Do you remember having Legos as a kid? I certainly do- I had a big plastic yellow suitcase full of random brightly colored bits of plastic. I remember the anticipation I would feel every time I opened that thing- what would I create today? For me, it was often houses- I took pride in fitting the doors and windows properly into the randomly colored walls.

LegosWEBThe best part of my Lego experience was not having boundaries (except, of course, for the limitation of quantity and shape of pieces). I could make a moon rover. I could make an apple pie. I could make a disco ball made of cheese. My imagination brought my creations to life.

After relaying my love for Legos, I was gifted some lovely sets for my 30th birthday. These sets are lovely collections of pieces- starter kits that allow you to make a bunch of small things (flowers, a crocodile, a train, and more) by following the instructions in the included booklet.

Which, of course, I did. Over and over again.

Now, every time I open the big, yellow, plastic Lego shaped container that houses my Lego pieces, I go in with the anticipation that I felt as a child…

I can make anything!

Once I’m in, however, I’m overwhelmed by the choices. Where do I begin? What should I make? Do I really have all the proper parts to fit together into that ambitious a project? How long will this take? I should make dinner soon. Did I feed the cat? …and so on.

And then I find myself reaching reaching for that damned booklet and getting my quick fix in a perfect creation that I didn’t put any thought into.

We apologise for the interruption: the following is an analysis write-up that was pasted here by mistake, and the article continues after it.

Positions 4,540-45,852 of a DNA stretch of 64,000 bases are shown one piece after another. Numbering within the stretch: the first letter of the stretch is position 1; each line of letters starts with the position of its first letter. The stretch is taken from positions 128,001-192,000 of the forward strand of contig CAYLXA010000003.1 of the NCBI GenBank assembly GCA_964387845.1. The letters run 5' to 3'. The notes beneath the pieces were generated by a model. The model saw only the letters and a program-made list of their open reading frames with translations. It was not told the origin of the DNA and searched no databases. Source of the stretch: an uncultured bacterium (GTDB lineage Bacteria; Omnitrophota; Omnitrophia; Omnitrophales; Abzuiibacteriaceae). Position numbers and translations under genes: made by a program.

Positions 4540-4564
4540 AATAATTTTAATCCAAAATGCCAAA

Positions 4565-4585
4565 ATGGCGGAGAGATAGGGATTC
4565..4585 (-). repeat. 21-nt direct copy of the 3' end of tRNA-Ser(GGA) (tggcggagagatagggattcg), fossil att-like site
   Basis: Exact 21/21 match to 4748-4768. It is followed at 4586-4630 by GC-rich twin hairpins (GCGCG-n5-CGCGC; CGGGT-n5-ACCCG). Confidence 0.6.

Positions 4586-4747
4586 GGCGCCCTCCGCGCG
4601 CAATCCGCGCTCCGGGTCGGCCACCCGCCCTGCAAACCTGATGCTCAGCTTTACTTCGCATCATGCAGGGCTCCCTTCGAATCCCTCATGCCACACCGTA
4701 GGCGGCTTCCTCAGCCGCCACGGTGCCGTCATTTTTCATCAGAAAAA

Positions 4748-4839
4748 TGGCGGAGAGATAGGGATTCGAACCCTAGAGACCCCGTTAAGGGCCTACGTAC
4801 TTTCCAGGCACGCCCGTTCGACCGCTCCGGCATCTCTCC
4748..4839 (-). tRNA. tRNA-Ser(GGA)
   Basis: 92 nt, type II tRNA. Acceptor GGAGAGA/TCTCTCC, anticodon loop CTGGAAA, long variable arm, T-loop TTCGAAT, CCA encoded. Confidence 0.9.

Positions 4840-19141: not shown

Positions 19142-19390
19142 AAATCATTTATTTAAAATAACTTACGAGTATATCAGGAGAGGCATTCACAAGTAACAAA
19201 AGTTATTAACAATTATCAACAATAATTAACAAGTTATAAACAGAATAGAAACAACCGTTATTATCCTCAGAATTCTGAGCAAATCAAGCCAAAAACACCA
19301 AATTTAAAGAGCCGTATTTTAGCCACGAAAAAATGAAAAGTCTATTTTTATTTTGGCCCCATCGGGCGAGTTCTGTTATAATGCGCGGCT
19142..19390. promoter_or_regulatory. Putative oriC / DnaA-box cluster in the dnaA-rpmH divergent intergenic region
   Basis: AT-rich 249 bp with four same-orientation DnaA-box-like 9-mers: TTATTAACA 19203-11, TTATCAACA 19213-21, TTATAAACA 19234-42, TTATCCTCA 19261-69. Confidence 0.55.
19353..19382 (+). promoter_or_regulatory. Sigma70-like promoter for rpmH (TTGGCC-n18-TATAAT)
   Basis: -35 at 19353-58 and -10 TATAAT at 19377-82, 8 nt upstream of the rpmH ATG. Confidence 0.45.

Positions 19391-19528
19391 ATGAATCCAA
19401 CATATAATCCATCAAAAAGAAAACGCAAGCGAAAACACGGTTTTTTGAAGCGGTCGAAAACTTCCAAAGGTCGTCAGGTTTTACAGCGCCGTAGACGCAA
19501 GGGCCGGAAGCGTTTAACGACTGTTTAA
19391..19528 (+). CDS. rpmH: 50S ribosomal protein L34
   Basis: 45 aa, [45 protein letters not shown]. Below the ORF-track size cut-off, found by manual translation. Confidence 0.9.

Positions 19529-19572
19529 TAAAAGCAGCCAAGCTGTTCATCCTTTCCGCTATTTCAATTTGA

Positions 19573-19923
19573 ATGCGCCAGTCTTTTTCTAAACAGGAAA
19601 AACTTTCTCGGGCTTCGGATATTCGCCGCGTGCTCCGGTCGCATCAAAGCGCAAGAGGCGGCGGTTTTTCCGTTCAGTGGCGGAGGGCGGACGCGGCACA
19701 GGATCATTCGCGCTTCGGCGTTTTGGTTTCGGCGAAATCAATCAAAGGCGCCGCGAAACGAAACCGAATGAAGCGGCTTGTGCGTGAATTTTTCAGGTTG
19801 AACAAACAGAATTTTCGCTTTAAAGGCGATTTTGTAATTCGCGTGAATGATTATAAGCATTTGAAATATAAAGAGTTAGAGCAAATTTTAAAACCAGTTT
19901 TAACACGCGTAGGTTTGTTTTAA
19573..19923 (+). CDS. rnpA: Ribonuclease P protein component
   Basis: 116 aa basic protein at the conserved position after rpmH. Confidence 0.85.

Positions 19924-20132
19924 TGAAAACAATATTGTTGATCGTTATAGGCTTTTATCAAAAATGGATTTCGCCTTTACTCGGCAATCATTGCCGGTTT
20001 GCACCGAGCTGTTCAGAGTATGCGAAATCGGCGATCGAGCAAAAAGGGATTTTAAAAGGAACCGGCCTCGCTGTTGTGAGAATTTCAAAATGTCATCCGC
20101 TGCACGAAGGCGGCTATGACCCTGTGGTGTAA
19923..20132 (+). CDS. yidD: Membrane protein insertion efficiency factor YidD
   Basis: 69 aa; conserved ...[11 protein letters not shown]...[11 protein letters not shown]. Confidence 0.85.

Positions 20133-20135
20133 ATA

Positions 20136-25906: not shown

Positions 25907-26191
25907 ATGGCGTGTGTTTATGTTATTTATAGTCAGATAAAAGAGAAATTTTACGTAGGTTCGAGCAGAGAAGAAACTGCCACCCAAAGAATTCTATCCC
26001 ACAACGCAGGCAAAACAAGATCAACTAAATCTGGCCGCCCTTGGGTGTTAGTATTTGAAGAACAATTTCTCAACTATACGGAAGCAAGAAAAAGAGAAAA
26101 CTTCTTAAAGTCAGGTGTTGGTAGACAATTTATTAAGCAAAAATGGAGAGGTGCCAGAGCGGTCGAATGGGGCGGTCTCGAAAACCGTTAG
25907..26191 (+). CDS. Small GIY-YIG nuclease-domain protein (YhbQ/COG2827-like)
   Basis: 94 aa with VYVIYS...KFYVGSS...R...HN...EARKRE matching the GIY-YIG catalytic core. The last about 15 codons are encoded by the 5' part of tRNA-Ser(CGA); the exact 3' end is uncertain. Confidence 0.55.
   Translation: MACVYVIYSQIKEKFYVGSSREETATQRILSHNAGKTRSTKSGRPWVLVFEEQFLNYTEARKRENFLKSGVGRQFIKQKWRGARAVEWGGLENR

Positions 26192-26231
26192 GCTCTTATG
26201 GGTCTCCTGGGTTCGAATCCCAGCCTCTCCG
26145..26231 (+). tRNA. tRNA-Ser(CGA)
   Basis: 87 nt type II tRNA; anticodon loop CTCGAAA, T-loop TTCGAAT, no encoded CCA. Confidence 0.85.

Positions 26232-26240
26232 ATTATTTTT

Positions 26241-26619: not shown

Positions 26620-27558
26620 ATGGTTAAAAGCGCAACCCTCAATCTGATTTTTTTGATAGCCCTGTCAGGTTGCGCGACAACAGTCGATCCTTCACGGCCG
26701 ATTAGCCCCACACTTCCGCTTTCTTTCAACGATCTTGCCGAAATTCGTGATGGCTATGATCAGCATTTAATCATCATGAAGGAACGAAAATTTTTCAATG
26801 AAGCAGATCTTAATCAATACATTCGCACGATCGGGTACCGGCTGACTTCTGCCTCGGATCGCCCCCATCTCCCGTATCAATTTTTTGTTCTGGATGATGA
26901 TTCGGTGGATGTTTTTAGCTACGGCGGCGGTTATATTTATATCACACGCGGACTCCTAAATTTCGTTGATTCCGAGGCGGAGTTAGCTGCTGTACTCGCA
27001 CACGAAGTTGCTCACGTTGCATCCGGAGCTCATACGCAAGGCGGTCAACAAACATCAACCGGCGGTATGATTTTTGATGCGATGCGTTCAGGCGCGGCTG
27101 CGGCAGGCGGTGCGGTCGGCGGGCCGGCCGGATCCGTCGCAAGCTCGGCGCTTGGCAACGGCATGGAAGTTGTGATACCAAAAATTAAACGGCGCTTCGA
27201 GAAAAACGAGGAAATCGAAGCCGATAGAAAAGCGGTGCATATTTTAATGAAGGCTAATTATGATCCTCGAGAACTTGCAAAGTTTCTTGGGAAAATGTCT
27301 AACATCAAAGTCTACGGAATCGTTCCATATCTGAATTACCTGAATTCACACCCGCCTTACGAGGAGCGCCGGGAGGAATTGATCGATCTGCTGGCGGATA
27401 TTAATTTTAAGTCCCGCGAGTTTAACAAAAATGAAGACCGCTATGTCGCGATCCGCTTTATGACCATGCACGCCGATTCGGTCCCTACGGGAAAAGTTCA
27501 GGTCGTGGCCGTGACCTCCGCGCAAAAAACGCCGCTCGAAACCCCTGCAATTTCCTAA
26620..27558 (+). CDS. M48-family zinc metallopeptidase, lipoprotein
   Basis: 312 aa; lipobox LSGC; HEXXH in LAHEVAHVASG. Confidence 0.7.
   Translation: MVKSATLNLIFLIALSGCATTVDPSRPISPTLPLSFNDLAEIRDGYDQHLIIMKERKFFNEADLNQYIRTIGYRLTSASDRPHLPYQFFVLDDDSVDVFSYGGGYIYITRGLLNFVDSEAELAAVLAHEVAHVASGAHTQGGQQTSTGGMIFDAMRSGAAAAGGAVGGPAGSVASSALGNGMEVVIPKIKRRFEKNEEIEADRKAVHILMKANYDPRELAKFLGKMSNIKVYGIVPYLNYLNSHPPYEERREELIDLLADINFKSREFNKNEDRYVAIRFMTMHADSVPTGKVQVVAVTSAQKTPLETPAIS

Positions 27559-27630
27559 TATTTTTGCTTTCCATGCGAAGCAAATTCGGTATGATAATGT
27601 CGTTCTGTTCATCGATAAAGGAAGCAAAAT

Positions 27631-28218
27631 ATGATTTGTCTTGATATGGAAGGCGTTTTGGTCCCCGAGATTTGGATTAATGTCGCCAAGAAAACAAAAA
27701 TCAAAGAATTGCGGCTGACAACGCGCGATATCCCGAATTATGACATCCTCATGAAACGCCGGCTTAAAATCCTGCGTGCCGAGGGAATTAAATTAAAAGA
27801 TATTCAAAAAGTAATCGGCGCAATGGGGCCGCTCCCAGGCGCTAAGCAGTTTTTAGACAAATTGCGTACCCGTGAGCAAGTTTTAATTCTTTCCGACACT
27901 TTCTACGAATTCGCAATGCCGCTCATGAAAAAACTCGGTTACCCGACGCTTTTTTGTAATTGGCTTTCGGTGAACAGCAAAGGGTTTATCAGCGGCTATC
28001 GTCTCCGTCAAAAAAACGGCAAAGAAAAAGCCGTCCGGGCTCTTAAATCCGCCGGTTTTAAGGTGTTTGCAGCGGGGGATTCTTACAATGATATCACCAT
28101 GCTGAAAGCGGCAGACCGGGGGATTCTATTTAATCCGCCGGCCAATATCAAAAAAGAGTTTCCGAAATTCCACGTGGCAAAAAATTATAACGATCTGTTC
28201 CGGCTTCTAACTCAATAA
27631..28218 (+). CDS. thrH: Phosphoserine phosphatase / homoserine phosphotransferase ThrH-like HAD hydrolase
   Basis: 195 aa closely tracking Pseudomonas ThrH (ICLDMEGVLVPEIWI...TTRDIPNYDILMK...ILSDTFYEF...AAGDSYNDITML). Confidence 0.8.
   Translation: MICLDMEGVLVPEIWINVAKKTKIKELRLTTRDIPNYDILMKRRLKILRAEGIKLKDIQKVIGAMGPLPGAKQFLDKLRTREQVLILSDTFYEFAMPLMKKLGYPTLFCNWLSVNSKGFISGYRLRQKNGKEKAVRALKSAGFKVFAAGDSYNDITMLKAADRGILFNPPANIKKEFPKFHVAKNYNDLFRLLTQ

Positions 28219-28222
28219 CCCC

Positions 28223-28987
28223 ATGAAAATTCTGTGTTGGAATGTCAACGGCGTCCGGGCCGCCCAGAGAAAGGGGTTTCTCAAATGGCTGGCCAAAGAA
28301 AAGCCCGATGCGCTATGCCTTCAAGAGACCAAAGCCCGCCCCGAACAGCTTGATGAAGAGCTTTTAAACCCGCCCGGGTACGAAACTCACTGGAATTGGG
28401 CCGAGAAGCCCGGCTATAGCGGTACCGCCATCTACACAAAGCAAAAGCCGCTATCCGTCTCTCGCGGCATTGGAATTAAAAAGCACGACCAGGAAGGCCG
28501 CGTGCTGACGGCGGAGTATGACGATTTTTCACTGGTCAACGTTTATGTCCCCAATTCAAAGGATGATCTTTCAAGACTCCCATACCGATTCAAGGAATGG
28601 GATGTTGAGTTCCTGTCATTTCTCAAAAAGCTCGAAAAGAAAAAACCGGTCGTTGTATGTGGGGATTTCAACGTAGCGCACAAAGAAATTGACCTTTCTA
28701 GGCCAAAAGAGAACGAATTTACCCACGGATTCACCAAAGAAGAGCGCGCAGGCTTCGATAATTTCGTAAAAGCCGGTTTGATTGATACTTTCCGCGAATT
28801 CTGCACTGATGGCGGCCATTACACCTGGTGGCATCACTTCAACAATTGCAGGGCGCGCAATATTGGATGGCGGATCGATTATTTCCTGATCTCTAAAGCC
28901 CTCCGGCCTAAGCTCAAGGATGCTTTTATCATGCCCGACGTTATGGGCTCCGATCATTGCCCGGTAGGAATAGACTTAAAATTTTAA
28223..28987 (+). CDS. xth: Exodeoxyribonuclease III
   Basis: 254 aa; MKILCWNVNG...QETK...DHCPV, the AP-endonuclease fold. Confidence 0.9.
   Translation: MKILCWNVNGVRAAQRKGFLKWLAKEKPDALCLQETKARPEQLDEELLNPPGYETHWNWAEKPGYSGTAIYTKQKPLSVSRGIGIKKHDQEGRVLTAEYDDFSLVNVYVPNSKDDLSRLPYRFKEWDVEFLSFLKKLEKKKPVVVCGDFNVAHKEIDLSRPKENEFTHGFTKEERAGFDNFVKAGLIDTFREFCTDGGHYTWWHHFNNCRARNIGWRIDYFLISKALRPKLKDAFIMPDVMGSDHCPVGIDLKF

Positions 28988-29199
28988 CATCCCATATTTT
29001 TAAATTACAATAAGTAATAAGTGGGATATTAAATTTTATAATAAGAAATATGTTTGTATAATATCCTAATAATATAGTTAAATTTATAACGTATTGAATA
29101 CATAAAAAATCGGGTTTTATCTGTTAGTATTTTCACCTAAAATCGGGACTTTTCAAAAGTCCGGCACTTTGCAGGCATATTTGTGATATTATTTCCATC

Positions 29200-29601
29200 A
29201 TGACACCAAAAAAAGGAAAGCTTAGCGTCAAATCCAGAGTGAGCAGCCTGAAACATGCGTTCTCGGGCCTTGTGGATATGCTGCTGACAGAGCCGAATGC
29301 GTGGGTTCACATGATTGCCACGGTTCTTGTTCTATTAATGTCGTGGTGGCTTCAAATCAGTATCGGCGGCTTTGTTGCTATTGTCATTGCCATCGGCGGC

Where did my adventurous creativity go? Why do I waste so much time thinking about mindless drivel and less time doing satisfying things?

As adults in this crazy, fast-paced, instantaneous world we live in, we are working longer hours, doing more tasks at all times, and inundated with information. We are expected to know everything, be everything, and do everything. In majority, ours is a world of templates and box kits where speed and quantity are rewarded over ingenuity and quality. Along my journey into task lists and time tracking, I’ve lost my ability to let go and just… imagine.

Just… imagine.

Lately, I feel as though my brain functions as it should much, much later in my life cycle. I’m on auto-pilot, trying to make sure to be able to check off all the tasks before they are due. I’m addled by multiplying mundanity. It’s been an effort to turn the corner toward freeing my imagination. It’s an effort I’m very willing to make.

The imagination is a muscle needs exercise. Take the time to simply sit with a blank piece of paper and a pencil, zone out, and give in to whatever ends up on the paper. It doesn’t have to be a win every time.

We are not robots. We are not computers. We can’t always be measured in data and statistics and put into neat little categories. That’s part of the power of being a human being. Break free of the boxed sets and instruction booklets. It’s the only way to truly set yourself apart from the rest. Allow yourself the time to let your mind wander and process all of the information it is constantly gathering. Instead of chasing deadlines, change the game. We’ll never know what may be stirring in there just waiting to come out until you do.

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